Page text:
The other parts of the ruins exhibit a curious specimen of the odd mixture of old Norman architecture, and of that which Bishop Gundulph first introduced at Rochester Castle. The Castle and its Liberty (1,138 acres) are in the parish of East Stoke, which is distant more than four miles from newark, but their inhabitans vote at elections for members of parliament, as belonging to the borough, though they have no voice in the choice of church-wardens or other parochial officers.

The wall and gates, which formerly enclosed the town, have entirely disappeared, though two of the archways, viz. North Gate and East Gate, were standing in the latter part of the last century, the former being removed in 1762 and the latter in 1784. The vicinity of Newark was much cut up by military works in the civil wars, many traces of which still remain. Since the reigns of the Charleses, Newark has displayed its loyalty and patriotism by the formation of a troop of Yeomanry Cavalry in 1794, under the command of Captain Chaplin, and a regiment of Volunteers in 1804, under the command of Lieut. Col. Thoroton. The castle precincts is included in the borough of Newark, and still belongs to the crown.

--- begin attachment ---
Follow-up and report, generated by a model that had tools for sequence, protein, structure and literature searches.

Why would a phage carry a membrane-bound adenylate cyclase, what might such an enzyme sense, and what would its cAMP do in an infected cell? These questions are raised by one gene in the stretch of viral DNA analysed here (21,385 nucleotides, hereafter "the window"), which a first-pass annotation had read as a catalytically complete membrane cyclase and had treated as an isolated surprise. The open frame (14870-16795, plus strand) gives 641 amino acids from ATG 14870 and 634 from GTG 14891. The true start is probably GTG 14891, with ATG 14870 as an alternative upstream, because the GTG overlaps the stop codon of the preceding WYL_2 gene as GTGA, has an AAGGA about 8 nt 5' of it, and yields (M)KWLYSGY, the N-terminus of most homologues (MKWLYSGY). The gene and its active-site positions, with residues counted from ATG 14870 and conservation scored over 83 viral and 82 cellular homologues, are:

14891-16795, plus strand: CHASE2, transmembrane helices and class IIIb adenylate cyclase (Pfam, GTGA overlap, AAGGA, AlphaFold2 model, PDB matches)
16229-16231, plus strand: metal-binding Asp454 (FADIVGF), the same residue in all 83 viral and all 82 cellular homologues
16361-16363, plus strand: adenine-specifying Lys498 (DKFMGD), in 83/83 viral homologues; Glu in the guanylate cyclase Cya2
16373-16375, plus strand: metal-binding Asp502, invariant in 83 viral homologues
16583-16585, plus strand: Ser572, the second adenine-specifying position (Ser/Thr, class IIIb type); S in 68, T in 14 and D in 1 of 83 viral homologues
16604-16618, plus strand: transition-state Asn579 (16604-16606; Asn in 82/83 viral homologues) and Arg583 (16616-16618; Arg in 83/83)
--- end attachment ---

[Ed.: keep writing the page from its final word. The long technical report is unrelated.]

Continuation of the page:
Newark - Ancient History

Various antiquarian conjectures have been hazarded respecting the origin of Newark, the most plausible of which is that is occupies the site of the Roman station Eltavona, which was subsequently enlarged by the Saxons from the ruins of several Roman cities in the neighbourhood, on or near the Roman Fosseway, which passes through the town from Leicester toLincoln. After this re-edification, it is supposed to have been the Saxon Sidnoceaster, which in the early days of Christianity was a bishopric, heving had a succession of nine bishops after the year AD 678, but some historians have placed that city at Stowe, in Lincolnshire. It is, however, certain that Newark, during the Saxon heptarchy, was an important town, defended by a strong wall and fortress, and constructed partly of Roman materials.